Vet treating dog with broken bone

Humpty Dumpty has nothing on some of the dogs we veterinarians see. Dogs who have been hit by cars or who have undergone some other trauma can suffer multiple fractures — what we call polytrauma. Putting them back together again takes extensive surgical repair and sometimes calls for some difficult decisions. Here’s how cases like this may be treated.

Assessing the Situation

We start by stabilizing the dog, which may require the use of intravenous fluids, pain medications and antibiotics to ward off infections. He may need to be transferred to a specialty veterinary hospital with high-tech surgical facilities and emergency and critical care or surgical specialists who are experienced in treating these complicated cases.

Before taking a dog into surgery, it’s important to assess vital signs. Animals hit by cars often develop internal bleeding from a tear in the spleen or liver or from sharp bone fragments that pierce organs or tissues. The dog may need a blood transfusion.

We take radiographs of the chest to check the heart and lungs. The trauma of being hit by a car can cause a collapsed lung, or a pneumothorax, which is abnormal air between the lungs and the chest wall. We’ll also take radiographs of areas such as the pelvis and the front and back legs, to assess for fractures.

Usually these dogs are in no condition to walk, so we place a urinary catheter. That prevents them from urinating on themselves or being stressed about being unable to stand up and urinate. Relieving stress is an important part of care.

Lacerations are bandaged until they can be treated more thoroughly. Once the blood transfusion, fluids and pain meds have done their work of stabilizing the dog, we can address the fractures. Deciding how to repair them is where the difficult decisions come in.

Fracture Repair

In most cases, a broken bone is surgically repaired with pins, plates and screws. That can cost several thousand dollars, and even more if there are multiple fractures. If the dog also has severe lacerations, he’s at higher risk of infection.

Financially and medically, amputation is sometimes a better choice than repair if a leg has multiple fractures because it is less likely to heal well. If more than one leg is fractured, removing the most severely damaged leg and repairing the others can be the best way to go.

Most dogs get around very well on three legs, but many people struggle with the idea of amputation. Dogs have an advantage, though, because they start out with four legs. Adjusting to three legs is usually not difficult for them. With amputation, the dog usually recovers fairly quickly, and owners usually don’t have to worry as much about the cost of the procedure or ongoing medical care. It also allows the veterinarian to focus on the dog’s other surgical needs.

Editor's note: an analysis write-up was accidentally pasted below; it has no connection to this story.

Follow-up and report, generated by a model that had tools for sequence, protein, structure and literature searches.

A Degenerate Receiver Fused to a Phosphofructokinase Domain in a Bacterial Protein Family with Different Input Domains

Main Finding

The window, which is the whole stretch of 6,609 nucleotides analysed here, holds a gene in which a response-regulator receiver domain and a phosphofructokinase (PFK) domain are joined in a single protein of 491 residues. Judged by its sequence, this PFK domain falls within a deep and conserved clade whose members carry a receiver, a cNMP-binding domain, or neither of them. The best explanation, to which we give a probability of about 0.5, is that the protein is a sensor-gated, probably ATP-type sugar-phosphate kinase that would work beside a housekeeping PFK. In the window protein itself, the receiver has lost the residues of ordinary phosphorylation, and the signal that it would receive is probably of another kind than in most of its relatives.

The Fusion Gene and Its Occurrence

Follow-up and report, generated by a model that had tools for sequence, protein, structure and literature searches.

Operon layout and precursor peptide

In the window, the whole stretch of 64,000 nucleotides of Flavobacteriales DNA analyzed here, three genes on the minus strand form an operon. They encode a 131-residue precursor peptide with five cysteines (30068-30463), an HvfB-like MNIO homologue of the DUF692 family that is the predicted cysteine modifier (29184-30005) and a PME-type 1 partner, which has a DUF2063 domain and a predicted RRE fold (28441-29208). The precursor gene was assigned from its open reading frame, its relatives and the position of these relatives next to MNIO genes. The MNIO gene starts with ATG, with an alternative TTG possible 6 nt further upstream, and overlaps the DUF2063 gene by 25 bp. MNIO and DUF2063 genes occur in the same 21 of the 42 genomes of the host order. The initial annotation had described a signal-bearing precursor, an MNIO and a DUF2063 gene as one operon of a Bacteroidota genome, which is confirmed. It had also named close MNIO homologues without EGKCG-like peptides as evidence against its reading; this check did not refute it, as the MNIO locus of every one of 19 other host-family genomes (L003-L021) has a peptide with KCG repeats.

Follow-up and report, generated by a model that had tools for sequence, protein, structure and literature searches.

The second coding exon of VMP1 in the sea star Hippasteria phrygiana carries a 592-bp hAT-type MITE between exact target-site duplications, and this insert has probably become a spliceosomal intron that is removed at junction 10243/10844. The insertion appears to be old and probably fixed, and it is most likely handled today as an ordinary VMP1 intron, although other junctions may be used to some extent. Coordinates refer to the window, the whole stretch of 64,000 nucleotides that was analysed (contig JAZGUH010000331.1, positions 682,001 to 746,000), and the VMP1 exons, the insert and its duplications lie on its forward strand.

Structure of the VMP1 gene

Surgery and Aftercare

Before surgery, your dog may need another unit of blood. After he’s anesthetized, the leg or legs being repaired may be x-rayed to check for ligament damage. The x-rays are usually performed under anesthesia because it’s necessary to stress the joint to see if the ligaments are damaged. Once the extent of the damage is known, the amputation — if that is the approach taken — is performed, any remaining fractures are repaired, and lacerations are cleaned and sutured. It can take several hours to complete the surgery.

After surgery, the dog may need a stay in the intensive care unit. That’s expensive, no doubt about it, but there’s good reason for it. The ICU staff monitors dogs 24/7, checking incisions for oozing or signs of infection and changing bandages as needed. A wound-soaker catheter may be placed on the amputation site to help control pain in that area. Dogs are often reluctant to express pain, so a continuous infusion of pain medication helps keep them comfortable, which is a big part of a successful and speedy recovery.

After amputation, most dogs can start walking for short periods within a few days and no longer need as much pain medication. They can start to get up without help, although they may still need the urinary catheter. If the incisions look as if they are healing well, the dog can start taking pain medication orally and begin physical rehabilitation. Losing a leg does limit them. Depending on the severity of the injury and the number and type of fractures, dogs may go home as soon as the next day or be hospitalized for as long as 10 to 14 days. After a healing time of 8 to 12 weeks of restricted activity, they can get back to running up and down the stairs, playing and going for walks.

Today, the cost of this type of repair and hospitalization, which usually includes radiographs, anesthesia, pain medication, the surgery itself and follow-up visits, can be up to $10,000 depending on the number of fractures and whether the dog needs a stay in the ICU. That makes a good case for having pet health insurance. Not everyone can afford that level of veterinary care, and it’s heartbreaking when people must make a decision of economic euthanasia. Some people are able to use credit cards or Care Credit, borrow from family and friends, or set up fund-raisers to help cover the costs. I know that folks who are able to give their dogs this second chance are awfully grateful to still have them in their lives.